So I've been living here for almost six years now, and ever since the first day I moved into my Bywater house, I was like: I am going to the beach! It's only three hours away!

But nope, I never went.

Until now.

I went on a cruise, you guys, as I'm sure a lot of you have. The port of New Orleans is damn convenient. My friend, who went with me, had to buy a plane ticket from Ohio – while all I had to do was get dropped off by the boat, easy peasy. I almost felt bad about it. Almost.

I went on a whirlwind trip around Central America to Cozumel, Honduras, Belize and Costa Maya. Now that I'm back – and burnt to a crisp, I might add – here are a few things that I learned while cruisin' out of New Orleans.

• You might find yourself a cheap cruise like I did, but I was a naive little first-time cruiser. They will charge you for everything. They will charge you for the air that you breath and have a name for it – it's called a "tipping fee". They charge $12.95 every single day, whether you want to tip people or not. There is also an 18% gratuity added to anything you order, which I found rather insulting. As someone who has worked in the service industry, I understand when a restaurant adds a gratuity to a check if there's a party of 6 or over – or something along those lines. But when I'm sitting at a bar with my friend, and all we've ordered is Miller Lites, I don't need my hand held, and in fact, I'd probably tip more if they weren't so damn presumptuous about it.

Prepare to feel really really young. Most of the time, I felt like I was in an episode of the Golden Girls, but that's cool, because I really love the Golden Girls. On our last excursion, we actually ran into a couple in their 50's and they were young by cruise standards. They actually kind of scared me. They said, "we're surprised no one has died yet. We go on a lot of cruises and usually people die." I was like … WHAT?! The couple went on to explain that many elderly couples just go on perpetual cruises and having someone die isn't that out of the ordinary. I was nervous for the rest of the trip, to be honest.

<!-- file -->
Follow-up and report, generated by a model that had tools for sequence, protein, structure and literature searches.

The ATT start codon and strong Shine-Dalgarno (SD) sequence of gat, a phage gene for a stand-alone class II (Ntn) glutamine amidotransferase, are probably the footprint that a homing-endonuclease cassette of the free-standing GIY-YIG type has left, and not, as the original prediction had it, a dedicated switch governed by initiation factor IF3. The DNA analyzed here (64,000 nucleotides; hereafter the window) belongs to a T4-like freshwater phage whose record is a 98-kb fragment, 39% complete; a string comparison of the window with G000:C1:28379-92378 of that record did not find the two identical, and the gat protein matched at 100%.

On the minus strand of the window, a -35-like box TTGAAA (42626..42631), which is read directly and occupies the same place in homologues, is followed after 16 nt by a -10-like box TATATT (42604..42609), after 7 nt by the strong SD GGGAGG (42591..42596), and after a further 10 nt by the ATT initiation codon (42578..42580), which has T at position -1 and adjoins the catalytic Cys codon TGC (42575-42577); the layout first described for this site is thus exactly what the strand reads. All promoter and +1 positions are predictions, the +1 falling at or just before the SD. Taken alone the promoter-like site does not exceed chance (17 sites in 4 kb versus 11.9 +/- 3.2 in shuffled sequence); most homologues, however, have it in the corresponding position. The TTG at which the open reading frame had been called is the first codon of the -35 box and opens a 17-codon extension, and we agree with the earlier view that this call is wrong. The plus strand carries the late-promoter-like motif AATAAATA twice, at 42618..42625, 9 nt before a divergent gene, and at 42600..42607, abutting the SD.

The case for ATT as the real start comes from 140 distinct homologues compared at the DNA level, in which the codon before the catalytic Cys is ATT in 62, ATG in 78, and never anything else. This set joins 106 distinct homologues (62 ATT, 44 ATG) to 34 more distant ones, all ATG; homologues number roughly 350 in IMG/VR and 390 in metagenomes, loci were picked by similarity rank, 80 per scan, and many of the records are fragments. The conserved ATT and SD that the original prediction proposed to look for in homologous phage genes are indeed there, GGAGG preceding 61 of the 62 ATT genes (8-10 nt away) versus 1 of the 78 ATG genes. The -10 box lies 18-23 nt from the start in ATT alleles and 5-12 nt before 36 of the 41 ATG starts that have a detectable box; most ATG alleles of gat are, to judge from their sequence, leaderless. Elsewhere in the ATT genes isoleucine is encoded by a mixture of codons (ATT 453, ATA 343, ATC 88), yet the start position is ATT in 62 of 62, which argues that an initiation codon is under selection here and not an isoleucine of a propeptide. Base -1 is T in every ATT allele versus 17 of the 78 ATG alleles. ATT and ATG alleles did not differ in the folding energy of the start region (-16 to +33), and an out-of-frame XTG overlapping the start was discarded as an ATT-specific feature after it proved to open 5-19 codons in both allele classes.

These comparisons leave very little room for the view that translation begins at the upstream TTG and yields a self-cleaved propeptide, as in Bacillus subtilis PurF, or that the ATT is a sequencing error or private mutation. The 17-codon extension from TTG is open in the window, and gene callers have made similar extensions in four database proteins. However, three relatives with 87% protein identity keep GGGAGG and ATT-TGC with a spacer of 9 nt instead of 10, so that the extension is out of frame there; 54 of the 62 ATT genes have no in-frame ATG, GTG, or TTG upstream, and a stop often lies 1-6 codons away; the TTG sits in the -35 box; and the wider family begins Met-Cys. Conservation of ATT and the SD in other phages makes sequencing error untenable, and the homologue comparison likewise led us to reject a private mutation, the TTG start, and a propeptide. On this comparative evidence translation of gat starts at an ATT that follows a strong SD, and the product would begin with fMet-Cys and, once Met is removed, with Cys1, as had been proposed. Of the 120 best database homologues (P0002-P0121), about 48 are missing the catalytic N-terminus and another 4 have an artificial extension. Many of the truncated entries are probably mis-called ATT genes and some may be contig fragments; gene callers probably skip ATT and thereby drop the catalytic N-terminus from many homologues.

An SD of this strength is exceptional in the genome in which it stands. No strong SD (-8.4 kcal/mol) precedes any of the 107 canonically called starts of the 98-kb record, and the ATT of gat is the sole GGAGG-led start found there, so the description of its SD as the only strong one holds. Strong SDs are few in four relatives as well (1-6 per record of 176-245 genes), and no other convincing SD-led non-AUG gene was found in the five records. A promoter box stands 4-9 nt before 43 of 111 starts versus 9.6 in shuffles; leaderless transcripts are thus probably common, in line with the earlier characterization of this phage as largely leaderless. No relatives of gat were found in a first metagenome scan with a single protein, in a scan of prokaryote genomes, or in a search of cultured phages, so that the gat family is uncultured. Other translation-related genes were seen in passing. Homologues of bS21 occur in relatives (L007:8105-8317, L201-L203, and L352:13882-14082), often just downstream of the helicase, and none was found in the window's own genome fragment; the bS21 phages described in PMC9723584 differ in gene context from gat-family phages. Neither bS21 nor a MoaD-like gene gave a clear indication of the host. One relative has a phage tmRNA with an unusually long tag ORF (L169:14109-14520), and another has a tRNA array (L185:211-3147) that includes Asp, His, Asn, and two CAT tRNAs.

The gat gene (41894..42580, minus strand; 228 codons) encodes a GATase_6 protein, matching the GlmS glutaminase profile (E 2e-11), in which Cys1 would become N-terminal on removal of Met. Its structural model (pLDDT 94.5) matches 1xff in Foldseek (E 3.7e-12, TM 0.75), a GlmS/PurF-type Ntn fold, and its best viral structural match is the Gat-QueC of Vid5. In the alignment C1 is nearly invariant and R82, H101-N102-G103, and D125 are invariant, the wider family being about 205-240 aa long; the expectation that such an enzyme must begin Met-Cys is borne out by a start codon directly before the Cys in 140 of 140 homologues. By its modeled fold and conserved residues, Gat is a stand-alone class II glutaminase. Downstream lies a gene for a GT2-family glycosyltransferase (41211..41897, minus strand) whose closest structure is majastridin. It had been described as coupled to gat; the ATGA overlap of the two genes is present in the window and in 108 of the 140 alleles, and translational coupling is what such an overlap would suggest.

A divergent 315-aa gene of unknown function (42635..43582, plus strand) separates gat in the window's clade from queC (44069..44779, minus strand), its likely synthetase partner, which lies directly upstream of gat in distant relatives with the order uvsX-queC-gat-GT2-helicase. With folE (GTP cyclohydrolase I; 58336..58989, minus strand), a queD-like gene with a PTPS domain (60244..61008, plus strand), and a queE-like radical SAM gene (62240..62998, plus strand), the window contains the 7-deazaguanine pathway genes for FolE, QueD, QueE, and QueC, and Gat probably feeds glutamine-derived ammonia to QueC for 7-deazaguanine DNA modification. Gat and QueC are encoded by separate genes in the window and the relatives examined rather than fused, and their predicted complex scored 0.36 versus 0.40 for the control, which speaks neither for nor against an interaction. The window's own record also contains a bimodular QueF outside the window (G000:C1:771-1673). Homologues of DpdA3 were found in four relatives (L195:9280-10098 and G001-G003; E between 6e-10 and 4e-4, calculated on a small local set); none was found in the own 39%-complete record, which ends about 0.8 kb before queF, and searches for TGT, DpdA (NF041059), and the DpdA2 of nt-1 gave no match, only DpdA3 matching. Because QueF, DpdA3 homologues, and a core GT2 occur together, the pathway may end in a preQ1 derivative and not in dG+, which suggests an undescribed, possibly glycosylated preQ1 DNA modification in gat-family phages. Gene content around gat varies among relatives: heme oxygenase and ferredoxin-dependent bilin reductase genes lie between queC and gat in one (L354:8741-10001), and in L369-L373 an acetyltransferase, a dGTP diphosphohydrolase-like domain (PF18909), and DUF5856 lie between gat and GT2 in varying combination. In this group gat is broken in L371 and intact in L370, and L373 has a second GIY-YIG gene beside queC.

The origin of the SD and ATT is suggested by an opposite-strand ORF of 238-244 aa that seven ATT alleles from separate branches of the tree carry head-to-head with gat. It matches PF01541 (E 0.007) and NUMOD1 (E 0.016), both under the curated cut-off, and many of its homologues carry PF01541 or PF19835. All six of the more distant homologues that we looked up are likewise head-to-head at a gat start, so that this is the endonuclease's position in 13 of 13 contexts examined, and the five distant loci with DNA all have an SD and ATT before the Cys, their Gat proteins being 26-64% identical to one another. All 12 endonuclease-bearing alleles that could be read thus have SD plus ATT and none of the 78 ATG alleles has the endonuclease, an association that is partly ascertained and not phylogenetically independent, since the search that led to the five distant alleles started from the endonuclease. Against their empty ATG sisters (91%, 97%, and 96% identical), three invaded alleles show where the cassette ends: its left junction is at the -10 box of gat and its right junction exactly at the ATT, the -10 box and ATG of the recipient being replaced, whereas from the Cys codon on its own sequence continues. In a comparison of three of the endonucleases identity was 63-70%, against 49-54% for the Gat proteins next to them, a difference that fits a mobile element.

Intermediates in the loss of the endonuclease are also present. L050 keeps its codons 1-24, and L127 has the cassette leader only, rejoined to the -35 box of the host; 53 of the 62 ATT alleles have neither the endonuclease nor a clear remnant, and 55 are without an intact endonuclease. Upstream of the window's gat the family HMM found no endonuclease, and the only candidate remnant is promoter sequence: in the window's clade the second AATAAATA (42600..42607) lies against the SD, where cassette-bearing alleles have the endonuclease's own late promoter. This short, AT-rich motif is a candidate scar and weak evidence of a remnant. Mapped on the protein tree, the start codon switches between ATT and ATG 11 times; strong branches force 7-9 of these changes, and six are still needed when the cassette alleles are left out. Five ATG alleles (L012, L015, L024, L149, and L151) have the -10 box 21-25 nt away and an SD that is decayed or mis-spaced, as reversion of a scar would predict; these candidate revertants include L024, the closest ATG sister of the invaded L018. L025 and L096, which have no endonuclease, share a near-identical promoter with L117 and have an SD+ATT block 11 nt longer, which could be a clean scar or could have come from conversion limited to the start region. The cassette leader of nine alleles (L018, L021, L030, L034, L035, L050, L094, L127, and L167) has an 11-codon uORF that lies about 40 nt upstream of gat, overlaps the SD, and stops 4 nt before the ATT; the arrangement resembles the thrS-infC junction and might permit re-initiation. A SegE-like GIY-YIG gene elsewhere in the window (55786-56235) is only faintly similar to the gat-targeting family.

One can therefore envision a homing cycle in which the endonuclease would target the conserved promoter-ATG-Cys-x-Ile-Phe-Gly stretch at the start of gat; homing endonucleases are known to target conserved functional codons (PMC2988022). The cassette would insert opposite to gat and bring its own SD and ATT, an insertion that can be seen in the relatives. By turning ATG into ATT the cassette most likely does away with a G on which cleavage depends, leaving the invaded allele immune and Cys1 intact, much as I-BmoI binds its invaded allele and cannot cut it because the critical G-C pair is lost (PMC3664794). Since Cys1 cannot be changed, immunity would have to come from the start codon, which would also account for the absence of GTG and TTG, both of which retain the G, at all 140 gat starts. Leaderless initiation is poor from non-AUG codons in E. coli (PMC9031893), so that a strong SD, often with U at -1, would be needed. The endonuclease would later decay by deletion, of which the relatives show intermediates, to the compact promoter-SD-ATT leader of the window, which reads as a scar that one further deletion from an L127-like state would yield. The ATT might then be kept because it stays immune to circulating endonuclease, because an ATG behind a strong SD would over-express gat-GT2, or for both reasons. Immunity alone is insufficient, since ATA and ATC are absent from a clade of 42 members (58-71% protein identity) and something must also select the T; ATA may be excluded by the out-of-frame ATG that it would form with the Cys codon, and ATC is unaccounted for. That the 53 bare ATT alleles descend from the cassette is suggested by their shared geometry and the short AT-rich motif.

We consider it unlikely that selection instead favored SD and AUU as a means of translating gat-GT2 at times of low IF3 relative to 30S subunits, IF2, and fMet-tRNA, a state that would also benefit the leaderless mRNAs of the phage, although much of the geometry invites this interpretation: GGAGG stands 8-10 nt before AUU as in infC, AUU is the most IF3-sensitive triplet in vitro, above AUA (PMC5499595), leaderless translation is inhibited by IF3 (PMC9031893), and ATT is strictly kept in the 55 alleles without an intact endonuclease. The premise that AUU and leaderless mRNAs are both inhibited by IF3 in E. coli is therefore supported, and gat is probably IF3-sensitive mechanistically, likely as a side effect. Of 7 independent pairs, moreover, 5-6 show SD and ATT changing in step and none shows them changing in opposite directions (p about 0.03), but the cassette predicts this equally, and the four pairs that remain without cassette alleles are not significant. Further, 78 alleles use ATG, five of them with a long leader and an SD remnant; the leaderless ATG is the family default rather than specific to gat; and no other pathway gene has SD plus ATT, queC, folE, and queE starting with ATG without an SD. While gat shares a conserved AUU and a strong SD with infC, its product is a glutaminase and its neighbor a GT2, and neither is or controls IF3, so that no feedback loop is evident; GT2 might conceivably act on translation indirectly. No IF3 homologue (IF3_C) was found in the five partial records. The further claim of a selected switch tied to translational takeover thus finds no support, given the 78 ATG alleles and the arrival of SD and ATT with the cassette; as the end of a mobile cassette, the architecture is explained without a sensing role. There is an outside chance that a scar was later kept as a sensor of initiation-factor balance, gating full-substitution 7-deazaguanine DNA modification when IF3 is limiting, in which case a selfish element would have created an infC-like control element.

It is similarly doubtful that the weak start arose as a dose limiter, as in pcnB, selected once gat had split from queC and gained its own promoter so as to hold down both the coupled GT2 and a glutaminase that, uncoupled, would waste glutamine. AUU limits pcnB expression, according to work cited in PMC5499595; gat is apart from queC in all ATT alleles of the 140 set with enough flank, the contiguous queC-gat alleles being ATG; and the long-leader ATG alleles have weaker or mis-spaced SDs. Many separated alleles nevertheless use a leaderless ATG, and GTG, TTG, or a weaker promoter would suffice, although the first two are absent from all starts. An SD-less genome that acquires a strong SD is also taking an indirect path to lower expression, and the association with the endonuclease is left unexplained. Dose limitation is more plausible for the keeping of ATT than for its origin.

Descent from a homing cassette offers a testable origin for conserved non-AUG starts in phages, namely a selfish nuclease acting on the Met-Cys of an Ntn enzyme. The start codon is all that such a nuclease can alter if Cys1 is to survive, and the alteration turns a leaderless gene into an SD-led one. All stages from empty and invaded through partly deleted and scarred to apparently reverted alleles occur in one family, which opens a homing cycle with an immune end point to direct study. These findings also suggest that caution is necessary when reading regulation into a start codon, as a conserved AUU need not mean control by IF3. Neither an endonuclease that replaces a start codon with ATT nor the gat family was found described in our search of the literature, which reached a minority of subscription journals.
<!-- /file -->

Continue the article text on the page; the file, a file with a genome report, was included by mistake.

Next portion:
• If you are at all cynical, like I am, brace yourself. Most of the time, I felt like I was in an episode of "Saved by the Bell", from the cheesy dance numbers at the theater, to the cruise director calling himself "Dingo Dave". Dingo Dave was Australian, you see, and he'd get on the intercom every morning at about 8 AM to explain the days activities. These announcments always end with, "and as I say, having a hoppin' day!"

It got to the point where my friend and I would say it to each other constantly, "Have a hoppin' day!" We'd go around the ship and try to catch pictures with Dingo Dave. It was just us being us. We weren't even drunk half the time because we couldn't afford it. Which leads me to …

Alcohol. If you go on a cruise, look for any kind of hidden package when you book, to make your experience cheaper. We didn't get a package because they hide that stuff. Even if it's something like $200 for unlimited alcohol for a whole week, it will still be better than what you see on your bill at the end of your trip.

This is an accurate representation of me and my friend as we looked at how much we spent on beer.


This is the first way a cheap cruise becomes not so cheap. The second way?

Excursions. Or little trips you take off the boat. Some excursions are absolutely worth it, just do your research. Other excursions? No way, man. You can end up paying $150 on a bus ride to a tourist trap, when you could have paid $20 on a cab to the same place or to an even better beach/shopping area.

So what about the cruise is actually cheap?

The food. But you have to be careful. On our cruise ship, there were six free restaurants from Asian food to Italian. And there were also the fancier restaurants that you could go to for a small fee. We decided to treat ourselves one night and go to the $15 dollar all-you-can-eat Italian restaurant, but the food wasn't anything better than you could get at the (rather impressive) all-day buffet. Next time? I'm getting fries and chocolate cake for every meal – because I can. Screw the fancy meals.

But enough about all the hidden fees and cheesy entertainment. I honestly had the time of my life. There's nothing like waking up and seeing that you're in the middle of turquoise water, and the only thing on your agenda for the day is to have fun and try not to get sunburned – seriously, that's it. You cannot check your email and there is no cell reception. Plus, an internet package costs several hundred dollars. So any emails from your boss? You'll never get them anyway. Just have fun.

Also, Honduras is the most gorgeous place I have ever been. I want to go back next week.


The beach in Roatan was stunning.


And on the way back home: the blue ocean, comics, chocolate cake, and fries – it doesn't get much better.

Sign me up for the next one. I'll just be getting the drink package up front to go along with my next booking.